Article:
What happens when a Mi’kmaw and settler university student share car rides on their way to university and other places? They talk, and the settler learns some hard lessons about colonial oppression, systemic racism and white privilege. “One Saturday afternoon when we happened to be together, Flo shared a very personal story about why she finds it difficult to eat when she is in a social food sharing situation.”

We have been reporting on the release of the Report Card on Child and Family Poverty in Nova Scotia for many years now. And year after year the news is grim.

41,370 children, one in four, live in poverty in Nova Scotia. For children under six that number is actually almost one in three!

It’s hard to fathom how politicians can shrug off these horrendous numbers, especially given that we know that solutions exist, and all it takes is political will.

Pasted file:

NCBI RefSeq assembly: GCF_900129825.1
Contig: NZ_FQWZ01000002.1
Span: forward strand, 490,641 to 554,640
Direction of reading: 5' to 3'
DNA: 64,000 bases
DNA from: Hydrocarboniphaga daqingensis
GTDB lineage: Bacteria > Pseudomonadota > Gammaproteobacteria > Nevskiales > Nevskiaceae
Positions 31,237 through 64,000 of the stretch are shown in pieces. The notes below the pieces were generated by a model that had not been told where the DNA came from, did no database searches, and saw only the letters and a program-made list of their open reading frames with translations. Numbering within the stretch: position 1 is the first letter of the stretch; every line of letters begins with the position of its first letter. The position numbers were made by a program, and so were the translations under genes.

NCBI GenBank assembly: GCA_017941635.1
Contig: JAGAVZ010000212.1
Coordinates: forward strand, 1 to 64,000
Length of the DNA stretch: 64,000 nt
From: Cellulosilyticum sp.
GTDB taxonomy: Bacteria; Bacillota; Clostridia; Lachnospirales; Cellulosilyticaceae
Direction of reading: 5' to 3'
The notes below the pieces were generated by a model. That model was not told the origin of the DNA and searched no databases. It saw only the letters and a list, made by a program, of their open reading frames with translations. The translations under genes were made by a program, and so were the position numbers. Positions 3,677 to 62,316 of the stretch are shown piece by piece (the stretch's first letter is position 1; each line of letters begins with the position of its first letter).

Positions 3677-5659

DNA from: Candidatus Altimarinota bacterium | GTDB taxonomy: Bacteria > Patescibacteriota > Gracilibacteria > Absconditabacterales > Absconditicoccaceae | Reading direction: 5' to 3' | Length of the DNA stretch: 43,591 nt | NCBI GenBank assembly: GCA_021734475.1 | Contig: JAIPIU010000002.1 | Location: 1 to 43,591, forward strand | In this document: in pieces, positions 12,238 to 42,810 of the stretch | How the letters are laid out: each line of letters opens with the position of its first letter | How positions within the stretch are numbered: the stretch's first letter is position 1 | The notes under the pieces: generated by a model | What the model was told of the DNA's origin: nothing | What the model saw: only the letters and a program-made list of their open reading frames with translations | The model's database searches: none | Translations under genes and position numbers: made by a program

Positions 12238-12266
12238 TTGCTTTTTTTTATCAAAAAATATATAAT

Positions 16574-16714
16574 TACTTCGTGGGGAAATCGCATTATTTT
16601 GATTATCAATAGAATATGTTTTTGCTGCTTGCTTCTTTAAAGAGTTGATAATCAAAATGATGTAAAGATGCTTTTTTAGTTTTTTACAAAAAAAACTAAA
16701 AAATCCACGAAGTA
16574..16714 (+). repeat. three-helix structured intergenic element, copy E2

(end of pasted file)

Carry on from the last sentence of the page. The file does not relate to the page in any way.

“Being poor was like a fulltime job, and going through it, I realized how inaccessible the whole process was, and I had this burning desire to make it easier for others.” Meet Laura Fisher, on social assistance not that long ago, and now a master’s student at Acadia.

Media release: “When a child is hungry; when they aren’t sure where home will be at the end of the day; when they don’t have adequate clothing; it’s very hard for them to focus on learning,” says Wozney. “The evidence is clear that on average, children living in poverty experience worse academic outcomes and are twice as likely to drop out of school. They also have a much higher chance of developing a mental health issue.”